The two western stones and nearby kerbed cairn. View from south (Scale 1m).
A possible double stone row measuring 2.2m long, including 4 small-sized stones situated next to a kerbed cairn on gently rolling plateau. This site may represent a stone setting or other structure. The row is orientated north west to south east and stands in the vicinity of several cairns and another stone row.
|England||Cumbria||Rest of England||NY 49403 21951|
|Lat 54.590201 Long -2.7845071|
Map showing the location of Askham Fell Cairn stone row.
Map showing the stone rows identified by M.W. Taylor. (Source: Taylor, 1886. Original available here).
Simplified map showing the position of the Askham Fell cairn stone row. The red stones are no longer considered to be a stone row. (Source: Taylor, M.W., 1886).
Plan of Askham Fell Cairn stone row (Source: Cairn after M.W. Taylor and row from a 1:200 survey by Sandy Gerrard).
Plan of Askham Fell Cairn stone row showing height of stones
|Type: Double||Length: 2.2m|
|No. of stones: 4||Size of stones: Only small|
|Orientation: 135°||Altitude: 316m|
|Upper end: Cairn||Lower end: –|
|Straight (Yes or No) :||Sea View: No|
|Context: Cairns;stone alignment;|
|Notes: The relationship with the cairn to the north suggests that it is a stone row rather than a field boundary. The row is aligned on the western edge of the cairn. It is likely that other stones have either been removed or survive as buried features.|
|Public Access: Yes|
|Land Status: Lake District National Park|
|Scheduled Ancient Monument: Yes|
Category: Possible. The four stones look like they have been deliberately set and one possible interpretation is that they represent the remains of a double stone row which has either been badly mutilated or survives largely as a buried feature. However they may represent the remains of a stone setting or an other structure. There is currently not enough evidence to confirm the identification as a stone row but on the other hand on the basis of what is known a stone row interpretation is possible. The association with a kerbed cairn and the proximity of another row support the stone row explanation.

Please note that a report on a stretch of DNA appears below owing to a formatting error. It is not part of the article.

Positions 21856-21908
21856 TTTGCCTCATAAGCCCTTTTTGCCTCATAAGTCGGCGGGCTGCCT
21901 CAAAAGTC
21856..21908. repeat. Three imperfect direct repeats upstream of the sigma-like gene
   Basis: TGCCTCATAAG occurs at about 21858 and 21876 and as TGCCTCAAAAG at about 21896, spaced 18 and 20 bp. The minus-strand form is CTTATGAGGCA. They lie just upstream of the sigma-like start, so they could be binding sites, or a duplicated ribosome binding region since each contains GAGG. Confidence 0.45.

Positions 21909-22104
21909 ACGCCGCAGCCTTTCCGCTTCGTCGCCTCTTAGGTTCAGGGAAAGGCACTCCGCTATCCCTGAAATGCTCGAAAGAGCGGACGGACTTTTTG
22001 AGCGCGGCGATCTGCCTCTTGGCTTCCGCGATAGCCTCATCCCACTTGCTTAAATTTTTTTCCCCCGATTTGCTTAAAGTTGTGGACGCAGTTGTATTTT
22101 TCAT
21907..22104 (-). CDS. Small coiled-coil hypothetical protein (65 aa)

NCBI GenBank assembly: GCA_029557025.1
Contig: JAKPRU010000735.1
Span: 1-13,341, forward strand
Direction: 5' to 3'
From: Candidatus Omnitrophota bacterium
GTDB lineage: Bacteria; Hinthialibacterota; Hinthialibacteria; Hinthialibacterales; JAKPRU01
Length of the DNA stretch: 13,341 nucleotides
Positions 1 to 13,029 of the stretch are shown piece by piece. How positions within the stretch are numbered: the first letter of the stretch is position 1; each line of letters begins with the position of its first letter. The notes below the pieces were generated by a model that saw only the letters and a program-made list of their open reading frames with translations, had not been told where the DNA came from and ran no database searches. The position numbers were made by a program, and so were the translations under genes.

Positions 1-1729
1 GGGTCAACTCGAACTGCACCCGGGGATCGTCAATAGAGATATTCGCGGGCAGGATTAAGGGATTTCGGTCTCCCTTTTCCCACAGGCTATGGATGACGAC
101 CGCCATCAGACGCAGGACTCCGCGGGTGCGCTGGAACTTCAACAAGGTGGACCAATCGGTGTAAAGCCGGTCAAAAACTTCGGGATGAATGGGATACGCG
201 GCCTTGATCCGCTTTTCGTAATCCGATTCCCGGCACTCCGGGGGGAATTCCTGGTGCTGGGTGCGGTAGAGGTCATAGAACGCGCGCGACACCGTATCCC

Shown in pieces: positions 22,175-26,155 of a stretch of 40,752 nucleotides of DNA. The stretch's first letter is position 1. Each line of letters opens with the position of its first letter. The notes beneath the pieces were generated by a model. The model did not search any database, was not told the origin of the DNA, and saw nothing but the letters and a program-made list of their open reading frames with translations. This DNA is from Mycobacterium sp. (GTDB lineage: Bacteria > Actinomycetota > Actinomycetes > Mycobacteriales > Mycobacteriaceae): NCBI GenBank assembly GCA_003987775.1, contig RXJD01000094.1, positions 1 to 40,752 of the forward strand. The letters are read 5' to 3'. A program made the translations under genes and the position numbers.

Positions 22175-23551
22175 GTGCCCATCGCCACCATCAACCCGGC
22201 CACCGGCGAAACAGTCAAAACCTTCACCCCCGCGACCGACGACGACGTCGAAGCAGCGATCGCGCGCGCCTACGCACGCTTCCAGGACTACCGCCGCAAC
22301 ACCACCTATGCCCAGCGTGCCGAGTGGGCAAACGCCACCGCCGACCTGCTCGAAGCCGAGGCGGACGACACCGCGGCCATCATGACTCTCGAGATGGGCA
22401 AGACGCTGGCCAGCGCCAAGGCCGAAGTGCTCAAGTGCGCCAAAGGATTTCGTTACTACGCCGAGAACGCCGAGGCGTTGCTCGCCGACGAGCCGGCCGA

This stone row is of Type D1. Information on this form of stone row and other rows of this type is available here.
The kerbed cairn is considerably more impressive than the row. View from the west (Scale 1m).
The four stones are small and barely protrude through the turf. View from the north east (Scale 1m).
The four stones are small and barely protrude through the turf. View from the NNE (Scale 1m).
View from the north west (Scale 1m).
The row is situated near a fine kerbed cairn. The ranging rod is standing beside the row. View from north west (Scale 1m).
Car parking is available at NY 50066 21704. From here walk along track leading west to the point where it joins the bridleway. Head north along the bridleway until you reach the row.
Taylor, M.W., 1886, ‘The Prehistoric Remains on Moordivock, near Ullswater’, Trans. Cumberland and Westmorland Antiq. and Archaeol. Soc. OS 8, pgs 330-331.
VISITED:- 8th September 2017
FIRST PUBLISHED:- 12th Februrary 2016
LAST UPDATED:- 15th January 2020